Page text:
When we ask God for something in prayer, do we ever think about what God would get out of answering our prayers? The biggest human need we think we have is insignificant compared to the importance of magnifying the glory of God and calling people to surrender to him.

God is loving and compassionate toward his people but his main objective in this world is to spread the knowledge of himself throughout the world. Do we ask God to use our weaknesses, our needs, and the answers to prayer that we seek from him in ways that help spread the knowledge of God and bring worship to him? Or is our praying self-seeking, concerned mostly (or only) with getting what we want from God for our own relief or our own life-enhancement?

The kind of prayer God loves to answer is the one that recognizes God’s purposes in this world and aligns the answer we seek with the advancement of God’s agenda in some way.

If you’ve been praying for something, how would God’s giving you the answer you want spread his knowledge in the world? Tying our requests to what God is concerned about—his kingdom—is important for an encouraging answer to our requests.

Think about what you find yourself asking from God in prayer. Is the answer you want really just a way to make yourself comfortable? Or do you see how answering your prayer might have an impact on the real reasons Christ came into the human race? Do you see how God is glorified when he answers in such “difficult” situations? When you pray, connect your prayers to the promises of God and his mission to reach his chosen ones and see if God does not answer more quickly, more completely and thoroughly in your life.

Numbers 6, Isaiah 31, Acts 14

Read Numbers 6, Isaiah 31, and Acts 14 today. This devotional is about Isaiah 31.

The Assyrian Empire dominated the Middle East 700 years before Christ. They defeated the Northern Kingdom of Israel and scattered the people in those tribes away from the Promised Land. That was a direct result of Israel’s disobedience to God’s Law.

Although the Southern Kingdom of Jerusalem remained in the Promised Land assigned to them, they were oppressed by the Assyrians and fearful that Assyria would defeat them as they had Israel.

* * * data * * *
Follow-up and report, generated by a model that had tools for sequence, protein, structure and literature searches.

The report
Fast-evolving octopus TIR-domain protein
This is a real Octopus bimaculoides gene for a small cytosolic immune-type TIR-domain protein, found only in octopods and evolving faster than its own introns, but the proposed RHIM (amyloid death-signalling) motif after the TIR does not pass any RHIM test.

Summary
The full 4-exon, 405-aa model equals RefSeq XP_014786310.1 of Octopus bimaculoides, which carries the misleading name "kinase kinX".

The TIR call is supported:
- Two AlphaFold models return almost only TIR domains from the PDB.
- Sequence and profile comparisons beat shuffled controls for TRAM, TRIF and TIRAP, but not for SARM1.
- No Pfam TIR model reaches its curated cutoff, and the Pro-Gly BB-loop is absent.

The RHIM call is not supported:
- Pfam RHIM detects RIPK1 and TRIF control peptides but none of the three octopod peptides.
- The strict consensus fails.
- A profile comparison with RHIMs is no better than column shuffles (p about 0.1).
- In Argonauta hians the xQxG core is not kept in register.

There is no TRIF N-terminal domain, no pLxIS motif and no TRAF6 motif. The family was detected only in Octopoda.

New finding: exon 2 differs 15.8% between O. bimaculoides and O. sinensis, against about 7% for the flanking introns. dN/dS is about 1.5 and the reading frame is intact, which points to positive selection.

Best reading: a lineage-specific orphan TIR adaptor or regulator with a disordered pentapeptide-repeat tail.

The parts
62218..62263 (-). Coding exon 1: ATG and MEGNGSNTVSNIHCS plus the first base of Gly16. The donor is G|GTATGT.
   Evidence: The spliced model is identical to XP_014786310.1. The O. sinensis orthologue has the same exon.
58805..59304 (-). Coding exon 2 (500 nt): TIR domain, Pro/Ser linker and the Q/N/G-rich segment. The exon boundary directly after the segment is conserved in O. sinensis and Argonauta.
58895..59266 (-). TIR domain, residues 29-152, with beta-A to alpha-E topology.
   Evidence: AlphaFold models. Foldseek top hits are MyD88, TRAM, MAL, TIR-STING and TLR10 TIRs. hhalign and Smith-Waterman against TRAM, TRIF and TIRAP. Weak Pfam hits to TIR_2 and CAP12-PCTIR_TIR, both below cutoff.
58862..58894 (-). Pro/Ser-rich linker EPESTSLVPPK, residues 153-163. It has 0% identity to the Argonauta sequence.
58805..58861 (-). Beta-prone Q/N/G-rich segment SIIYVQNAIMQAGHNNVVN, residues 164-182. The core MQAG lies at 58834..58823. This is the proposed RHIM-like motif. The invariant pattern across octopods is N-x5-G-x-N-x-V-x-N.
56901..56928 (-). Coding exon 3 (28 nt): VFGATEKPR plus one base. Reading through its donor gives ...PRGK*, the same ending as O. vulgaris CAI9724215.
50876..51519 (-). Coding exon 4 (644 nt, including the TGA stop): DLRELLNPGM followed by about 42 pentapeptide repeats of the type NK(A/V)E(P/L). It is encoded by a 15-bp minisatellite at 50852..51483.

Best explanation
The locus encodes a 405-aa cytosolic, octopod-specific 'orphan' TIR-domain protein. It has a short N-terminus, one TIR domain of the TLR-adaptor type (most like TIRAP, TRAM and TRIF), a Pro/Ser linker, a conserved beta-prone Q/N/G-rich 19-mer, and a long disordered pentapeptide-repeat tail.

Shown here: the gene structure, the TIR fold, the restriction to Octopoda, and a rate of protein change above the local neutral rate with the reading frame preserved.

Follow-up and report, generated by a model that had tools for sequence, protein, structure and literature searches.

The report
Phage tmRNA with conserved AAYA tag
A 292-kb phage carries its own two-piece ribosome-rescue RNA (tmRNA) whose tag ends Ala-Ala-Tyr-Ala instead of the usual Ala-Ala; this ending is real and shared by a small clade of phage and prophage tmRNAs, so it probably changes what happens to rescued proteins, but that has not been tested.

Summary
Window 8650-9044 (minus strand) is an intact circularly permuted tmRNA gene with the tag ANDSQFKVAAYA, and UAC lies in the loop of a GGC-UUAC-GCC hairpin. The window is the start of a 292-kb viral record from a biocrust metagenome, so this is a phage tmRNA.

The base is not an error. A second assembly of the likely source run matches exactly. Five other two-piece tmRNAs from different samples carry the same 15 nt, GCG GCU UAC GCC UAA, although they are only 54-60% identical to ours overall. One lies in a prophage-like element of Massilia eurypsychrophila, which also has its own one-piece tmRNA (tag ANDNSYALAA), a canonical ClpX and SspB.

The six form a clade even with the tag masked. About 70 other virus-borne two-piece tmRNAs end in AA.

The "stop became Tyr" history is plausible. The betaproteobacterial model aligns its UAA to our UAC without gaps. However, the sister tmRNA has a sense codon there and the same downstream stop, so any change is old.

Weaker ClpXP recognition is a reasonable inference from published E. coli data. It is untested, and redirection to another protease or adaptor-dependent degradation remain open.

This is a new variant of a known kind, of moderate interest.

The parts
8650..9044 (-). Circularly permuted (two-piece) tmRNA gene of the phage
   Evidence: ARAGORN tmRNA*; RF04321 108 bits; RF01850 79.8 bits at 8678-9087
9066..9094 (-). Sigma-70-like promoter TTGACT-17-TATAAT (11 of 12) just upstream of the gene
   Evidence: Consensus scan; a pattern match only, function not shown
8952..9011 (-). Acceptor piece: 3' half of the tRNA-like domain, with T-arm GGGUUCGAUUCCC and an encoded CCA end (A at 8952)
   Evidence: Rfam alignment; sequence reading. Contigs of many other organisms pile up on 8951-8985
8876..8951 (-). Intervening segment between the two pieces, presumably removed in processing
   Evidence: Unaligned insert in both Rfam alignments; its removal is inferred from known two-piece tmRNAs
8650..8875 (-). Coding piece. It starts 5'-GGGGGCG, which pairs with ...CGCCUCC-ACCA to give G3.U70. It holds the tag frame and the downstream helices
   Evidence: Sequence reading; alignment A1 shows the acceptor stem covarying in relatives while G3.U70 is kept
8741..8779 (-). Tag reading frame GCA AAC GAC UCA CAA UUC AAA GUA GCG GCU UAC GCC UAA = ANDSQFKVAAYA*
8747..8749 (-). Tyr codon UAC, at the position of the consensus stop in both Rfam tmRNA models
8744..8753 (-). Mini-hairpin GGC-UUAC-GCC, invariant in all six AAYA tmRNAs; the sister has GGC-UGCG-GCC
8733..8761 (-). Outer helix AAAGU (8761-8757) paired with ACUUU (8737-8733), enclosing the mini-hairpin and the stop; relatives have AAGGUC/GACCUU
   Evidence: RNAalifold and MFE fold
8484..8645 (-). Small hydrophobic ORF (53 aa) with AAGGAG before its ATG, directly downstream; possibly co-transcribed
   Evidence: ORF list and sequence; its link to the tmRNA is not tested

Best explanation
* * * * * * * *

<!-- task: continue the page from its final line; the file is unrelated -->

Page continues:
Hezekiah was a godly king of Judah in many ways, be he also did some foolish things. His advisors urged him to create an alliance with the Egyptians but Isaiah pronounced a curse (v. 1: “woe”) on anyone who was looking to the Egyptians for military strength against the Assyrians. The reason for this curse is stated at the end of verse 1; they seek help from Egypt “… but do not look to the Holy One of Israel, or seek help from the Lord.” As mighty as the Egyptians were, they were not nearly as powerful an ally as the Lord himself was for Judah, if they would only trust him. “But the Egyptians are mere mortals and not God; their horses are flesh and not spirit. When the Lord stretches out his hand, those who help will stumble, those who are helped will fall; all will perish together” (v. 3).

God had promised to protect and defend his people and that promise is repeated here in Isaiah 31 (v. 4), but humans naturally seek human solutions to human problems rather than looking to God for supernatural or providential solutions to human problems.

You and I do this, too. We go Googling for the answer almost immediately when we encounter a problem, but often we forget God altogether or pray as if he won’t help us anyway. This passage reminds us to turn to God, claim his promises and call for his help when we face pressures and problems in our lives.

Leviticus 2-3, Song of Songs 6, Psalms 39-41

Read Leviticus 2-3, Song of Songs 6, Psalms 39-41 today. This devotional is about Psalm 39.

Psalm 39 is a lament, a type of Psalm where the song expresses sorrow to God.

Usually Psalms of lament express sorrow regarding Israel as a group. This one, however, is an individual lament so the psalmist is sorrowful about his own individual pain and problems. Unfortunately, the psalm tells us nothing about what his problems were. Aging? Disease? Personal betrayal? A crisis of faith?

Your guess is as good as mine.

Clearly, though, something was deeply bothersome to him and affected his relationship with God. Although he was determined not to lose his testimony by saying something against God in the presence of the wicked (vv. 1-2a), he could not contain his pain completely. In verses 2b-11, he cried out to God. He asked God for wisdom in managing his life as he senses his days were few and fleeting (vv. 4-6). Then he asked God for salvation from whatever was oppressing him (vv. 7-13). He seemed to regard the problem as God’s discipline in his life (v. 11, 13a) and he begged God to remove it from him as the Psalm closed (v. 13b) so that he could enjoy what little time he had left in life. Unlike so many Psalms that end with an encouraging note of hope and confidence in God, this one ends with one man’s desperate plea for God’s help.